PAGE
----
Most people think there's only one Paris. They're wrong. There are many within the city limits. So on my most recent visit, I set out to rediscover them all.
While springtime in Paris sounds romantic, I remember from the years I spent here as a kid that it's often cold and rainy. That’s exactly how my four weeks here started out. So when it’s sunny, you bolt outside. I headed for Montmartre and managed to have lunch in an outdoor café called Le Relais de la Butte.
Paris may have one of the world's best public transportation systems, but the best way to experience the city is to walk and walk and walk. That's exactly what I did. A Sunday trek took me from the Rue Mouffetard to the Jardin des Plantes (an amazing garden complete with museums and a zoo) to Le Train Bleu, a stunning old-world restaurant in the Garde de Lyon train station for a well-deserved glass of wine.
If you want to see anything in Paris in the spring, sometimes you just have to brave the wet gloom. My soggy day's adventure included hearing a wonderful jazz duo by the Pompidou Center (they play at Le Cavalier Bleu on Tuesday nights - no cover charge).
I also explored the Marais (Paris' old Jewish section) and got pretty weepy in the Square du Temple - Elie Wiesel (see above) over the memorial to the 11,000 Jewish children deported from France during WWII and killed in Auschwitz.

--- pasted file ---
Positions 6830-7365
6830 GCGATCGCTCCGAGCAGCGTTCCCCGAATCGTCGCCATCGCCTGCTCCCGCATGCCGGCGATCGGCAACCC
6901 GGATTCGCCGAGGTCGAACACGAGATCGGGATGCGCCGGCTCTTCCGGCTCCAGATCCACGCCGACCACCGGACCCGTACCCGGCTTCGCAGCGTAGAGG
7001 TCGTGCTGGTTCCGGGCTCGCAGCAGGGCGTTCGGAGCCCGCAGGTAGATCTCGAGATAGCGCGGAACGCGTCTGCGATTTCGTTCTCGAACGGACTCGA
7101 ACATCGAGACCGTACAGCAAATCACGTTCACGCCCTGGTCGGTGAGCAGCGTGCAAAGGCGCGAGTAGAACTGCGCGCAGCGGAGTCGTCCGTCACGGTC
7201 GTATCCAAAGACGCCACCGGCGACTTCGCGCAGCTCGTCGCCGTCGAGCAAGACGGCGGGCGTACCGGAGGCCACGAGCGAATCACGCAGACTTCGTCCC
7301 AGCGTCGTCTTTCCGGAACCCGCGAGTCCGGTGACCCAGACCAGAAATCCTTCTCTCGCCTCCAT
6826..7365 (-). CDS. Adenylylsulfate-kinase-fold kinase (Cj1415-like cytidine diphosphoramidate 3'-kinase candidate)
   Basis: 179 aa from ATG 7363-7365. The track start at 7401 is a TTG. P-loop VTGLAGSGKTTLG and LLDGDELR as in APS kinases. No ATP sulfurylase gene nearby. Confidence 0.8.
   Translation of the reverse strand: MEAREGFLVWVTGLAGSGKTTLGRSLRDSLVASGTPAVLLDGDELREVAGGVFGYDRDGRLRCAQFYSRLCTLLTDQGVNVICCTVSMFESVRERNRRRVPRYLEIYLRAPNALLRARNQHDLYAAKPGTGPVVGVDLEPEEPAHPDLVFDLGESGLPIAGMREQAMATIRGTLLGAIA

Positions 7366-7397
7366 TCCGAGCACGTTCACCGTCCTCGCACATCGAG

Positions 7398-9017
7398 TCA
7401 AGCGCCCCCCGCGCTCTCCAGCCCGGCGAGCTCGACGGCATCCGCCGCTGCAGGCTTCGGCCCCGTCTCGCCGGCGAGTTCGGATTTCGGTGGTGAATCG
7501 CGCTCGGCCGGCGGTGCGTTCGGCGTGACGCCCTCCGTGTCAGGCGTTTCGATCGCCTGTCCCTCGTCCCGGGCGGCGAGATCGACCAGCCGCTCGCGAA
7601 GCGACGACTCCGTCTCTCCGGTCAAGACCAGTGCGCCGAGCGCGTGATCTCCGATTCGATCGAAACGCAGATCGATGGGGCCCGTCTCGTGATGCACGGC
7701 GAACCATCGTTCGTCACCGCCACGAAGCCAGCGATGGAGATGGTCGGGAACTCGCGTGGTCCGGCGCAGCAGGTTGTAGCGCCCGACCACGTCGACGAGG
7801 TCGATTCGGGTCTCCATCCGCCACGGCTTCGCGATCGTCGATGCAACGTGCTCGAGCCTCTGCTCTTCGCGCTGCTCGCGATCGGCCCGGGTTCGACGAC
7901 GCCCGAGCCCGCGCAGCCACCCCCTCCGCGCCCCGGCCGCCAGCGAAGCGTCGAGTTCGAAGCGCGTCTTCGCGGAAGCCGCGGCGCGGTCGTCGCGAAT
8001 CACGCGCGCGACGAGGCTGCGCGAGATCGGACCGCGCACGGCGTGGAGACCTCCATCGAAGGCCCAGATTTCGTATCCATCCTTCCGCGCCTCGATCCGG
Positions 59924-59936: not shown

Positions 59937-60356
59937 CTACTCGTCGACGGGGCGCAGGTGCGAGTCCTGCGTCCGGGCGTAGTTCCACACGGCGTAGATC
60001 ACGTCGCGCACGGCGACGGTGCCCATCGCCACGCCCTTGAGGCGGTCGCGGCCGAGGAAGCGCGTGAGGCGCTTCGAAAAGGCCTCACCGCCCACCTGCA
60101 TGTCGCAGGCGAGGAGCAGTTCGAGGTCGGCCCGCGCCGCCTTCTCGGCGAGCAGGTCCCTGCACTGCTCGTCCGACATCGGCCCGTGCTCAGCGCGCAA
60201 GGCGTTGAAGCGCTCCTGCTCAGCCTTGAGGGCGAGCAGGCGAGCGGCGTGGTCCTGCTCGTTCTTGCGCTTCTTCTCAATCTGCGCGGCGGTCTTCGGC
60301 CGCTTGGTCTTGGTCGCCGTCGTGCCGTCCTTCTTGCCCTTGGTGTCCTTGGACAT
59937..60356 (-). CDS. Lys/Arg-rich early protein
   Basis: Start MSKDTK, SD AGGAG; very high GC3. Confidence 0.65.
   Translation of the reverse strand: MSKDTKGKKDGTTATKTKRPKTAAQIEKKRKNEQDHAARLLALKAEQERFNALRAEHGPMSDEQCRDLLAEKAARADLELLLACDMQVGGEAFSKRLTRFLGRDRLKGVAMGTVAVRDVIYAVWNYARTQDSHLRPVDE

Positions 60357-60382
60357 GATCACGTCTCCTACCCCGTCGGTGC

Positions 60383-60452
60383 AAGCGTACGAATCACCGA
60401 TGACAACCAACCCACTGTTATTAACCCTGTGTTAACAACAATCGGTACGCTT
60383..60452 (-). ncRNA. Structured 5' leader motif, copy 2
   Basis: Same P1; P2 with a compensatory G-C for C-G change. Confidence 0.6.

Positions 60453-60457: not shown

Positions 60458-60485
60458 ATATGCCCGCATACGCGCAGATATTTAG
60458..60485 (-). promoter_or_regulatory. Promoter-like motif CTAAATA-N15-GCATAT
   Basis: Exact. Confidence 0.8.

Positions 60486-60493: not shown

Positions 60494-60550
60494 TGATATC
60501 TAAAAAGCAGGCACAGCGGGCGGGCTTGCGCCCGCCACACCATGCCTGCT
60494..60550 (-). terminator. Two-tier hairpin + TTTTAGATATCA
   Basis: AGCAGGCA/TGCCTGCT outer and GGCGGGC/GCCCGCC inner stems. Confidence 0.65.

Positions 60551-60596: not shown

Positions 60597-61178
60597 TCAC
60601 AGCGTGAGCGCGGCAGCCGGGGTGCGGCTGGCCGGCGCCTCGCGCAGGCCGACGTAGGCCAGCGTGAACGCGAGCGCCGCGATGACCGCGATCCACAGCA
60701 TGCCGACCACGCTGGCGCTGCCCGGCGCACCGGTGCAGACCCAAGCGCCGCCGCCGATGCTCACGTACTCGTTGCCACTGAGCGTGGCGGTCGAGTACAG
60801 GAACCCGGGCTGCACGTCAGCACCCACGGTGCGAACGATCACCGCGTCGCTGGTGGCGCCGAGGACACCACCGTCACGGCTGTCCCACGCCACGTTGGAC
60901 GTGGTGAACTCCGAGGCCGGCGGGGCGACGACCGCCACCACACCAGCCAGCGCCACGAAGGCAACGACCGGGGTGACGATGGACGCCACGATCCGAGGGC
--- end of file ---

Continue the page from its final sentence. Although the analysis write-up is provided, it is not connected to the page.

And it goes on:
It's hard to feel somber for long in Paris, especially when the sun shines on blue skies. So the next morning I jumped out of the house at the crack of 10:30 a.m. (early for me these days) and started walking toward Trocadero and the Eiffel Tower, through Parc Monceau and past my old school. I even went to the front door of the apartment we lived in. Talk about a trip down memory lane! After a bite of lunch al fresco, I headed down to the river and walked along the left bank of the Seine, stumbling on a park (Promenade des Berges de la Seine) with walking paths, rope hammocks, lovely sitting areas and cafes.
As the sun continued to shine throughout the week, I wasn't the only one out. Lunch on the Rue de Buci is definitely the way to celebrate a sunny Paris afternoon.
In pure French tradition, I followed up my meal with a stroll. Today, my feet took me to the Luxembourg Gardens, where sailing a toy boat is a favorite kid pastime. My brother Jeff Gross didn't have to rent one. He had his own, which now lives in on top of the kitchen cupboard in his Paris apartment.
I've always loved the Marche aux Fleurs (the flower market), so that's a must.
Of course, you can't go to Paris and not stop at the Place des Vosges, where Victor Hugo lived. When I was little, nasty women in severe blue skirts patrolled the parks and would yell at us to get off the grass. Times have changed.
The Musee D'Orsay is also a must-see. So what better place to meet a friend for lunch who just happens to be in Paris? Great food including a stunningly good cold English pea soup with creme fraiche, a bottle of chilled Pouilly-Fume and one of the best collections of Impressionist paintings around. Perfect.
I said "au revoir" to Paris with an 11 pm Bateaux Mouches cruise. I've never gone at night before, so seeing the monuments and the Eiffel Tower lit up was a first. I also never realized that when it gets warm the banks of the Seine are lined with young people hanging out with bottles of wine or beer and picnics. Just beyond the tip of the Ile de la Cite, the site of Notre Dame, or maybe it's the Ile Saint Louis, huge crowds of people dance to salsa music in one spot, to a Brazilian band in the neighboring alcove and to polka music in a third. If I hadn't been on my way to Vienna in a few hours, I would have been there that evening.